Although Tunisia decided very early on to invest in telecommunications and connect itself to the worldwide web, this was certainly not to be confused with freedom of information. Faced with censorship, users soon found multiple ways to circumvent it, and social networks became widely established as a means of unfettered expression. “With the revolution, there has been a dramatic surge in Internet traffic, which saw a twofold increase in 2011 and experienced a similarly strong growth rate in 2012”, explains Mongi Marzouk, current Minister of Information and Communication Technologies. Telecommunications now have a central part in mo-dern Tunisian history, and the government is making a determined effort to liberalise them.
Plummeting landlines and soaring mobiles
Tunisie Telecom, the incumbent operator, has one of the most modern telecommunications networks among Mediterranean countries. However, landline phone services are generating an estimated annual loss of $62.5 million. Like everywhere else, the advent of mobile telephony and flat rate plans have completely revolutionised the market. With a 118.6 % penetration rate in December 2012, the number of mobile subscribers keeps soaring. Among the three operators competing for market share, Tunisiana stands ahead, followed by Tunisie Telecom and Orange Tunisie, which is steadily closing the gap.
Internet: 3G changes the rules of the game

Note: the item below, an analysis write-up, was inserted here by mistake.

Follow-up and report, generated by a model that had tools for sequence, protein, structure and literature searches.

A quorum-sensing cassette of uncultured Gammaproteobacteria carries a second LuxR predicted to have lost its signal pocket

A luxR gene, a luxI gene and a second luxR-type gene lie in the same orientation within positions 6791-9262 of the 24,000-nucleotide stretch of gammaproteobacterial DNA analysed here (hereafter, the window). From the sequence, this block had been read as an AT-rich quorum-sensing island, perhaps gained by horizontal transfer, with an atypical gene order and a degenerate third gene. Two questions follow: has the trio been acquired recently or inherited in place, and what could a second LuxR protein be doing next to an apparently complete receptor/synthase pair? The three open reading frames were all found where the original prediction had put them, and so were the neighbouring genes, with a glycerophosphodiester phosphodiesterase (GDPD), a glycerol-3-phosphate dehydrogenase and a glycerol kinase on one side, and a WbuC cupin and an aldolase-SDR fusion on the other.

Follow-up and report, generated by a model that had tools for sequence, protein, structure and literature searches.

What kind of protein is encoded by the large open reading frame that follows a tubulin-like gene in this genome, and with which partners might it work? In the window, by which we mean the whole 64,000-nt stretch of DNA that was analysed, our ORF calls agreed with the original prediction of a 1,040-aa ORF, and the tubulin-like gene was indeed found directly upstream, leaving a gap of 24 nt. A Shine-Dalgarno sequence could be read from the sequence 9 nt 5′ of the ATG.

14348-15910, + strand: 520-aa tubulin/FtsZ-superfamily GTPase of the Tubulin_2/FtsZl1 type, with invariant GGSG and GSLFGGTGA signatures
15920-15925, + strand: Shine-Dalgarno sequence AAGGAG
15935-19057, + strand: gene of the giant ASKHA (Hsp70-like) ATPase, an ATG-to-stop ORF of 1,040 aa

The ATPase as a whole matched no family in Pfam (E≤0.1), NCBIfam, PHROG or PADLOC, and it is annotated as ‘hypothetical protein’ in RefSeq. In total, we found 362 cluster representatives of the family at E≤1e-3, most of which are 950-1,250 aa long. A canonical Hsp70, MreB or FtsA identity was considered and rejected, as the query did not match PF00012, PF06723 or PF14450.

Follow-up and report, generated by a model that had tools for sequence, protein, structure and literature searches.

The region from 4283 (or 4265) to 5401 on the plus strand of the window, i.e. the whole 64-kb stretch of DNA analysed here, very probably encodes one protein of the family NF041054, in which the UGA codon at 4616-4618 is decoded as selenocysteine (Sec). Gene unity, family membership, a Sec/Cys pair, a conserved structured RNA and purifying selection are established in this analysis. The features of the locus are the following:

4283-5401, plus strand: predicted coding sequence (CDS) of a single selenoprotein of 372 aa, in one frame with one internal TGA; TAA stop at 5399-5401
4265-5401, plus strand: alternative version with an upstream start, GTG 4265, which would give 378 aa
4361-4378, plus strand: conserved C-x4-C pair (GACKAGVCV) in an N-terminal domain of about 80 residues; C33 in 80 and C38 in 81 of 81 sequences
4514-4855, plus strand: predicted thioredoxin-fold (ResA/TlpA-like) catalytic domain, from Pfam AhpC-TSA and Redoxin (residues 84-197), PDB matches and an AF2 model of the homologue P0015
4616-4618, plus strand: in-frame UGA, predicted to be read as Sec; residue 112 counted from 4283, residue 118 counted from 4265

Internet browsing has increased exponentially since the launch of 3G by Orange in 2010, followed soon after by Tunisie Telecom, then by Tunisiana, which obtained its licence in May 2012. Now all three operators are roughly on a par in the struggle to win customers with their landline + mobile + broadband packages.
So what are the benefits of competition?
Opening up of the Internet, change to optic fibre, forthcoming arrival of 4G… Tunisia seems set to meet its own challenge. Operating as a public enterprise, Tunisia Telecom is still fighting on unequal terms with the two private operators. By changing its governance system and forging partnerships, the incumbent has a good chance of succeeding in its uphill struggle. The race between the three operators is having a dynamising effect, driving the sector towards increased know-how and a greater focus on listening to the needs of private and business customers. In other words, an enhanced use of its leading-edge technology.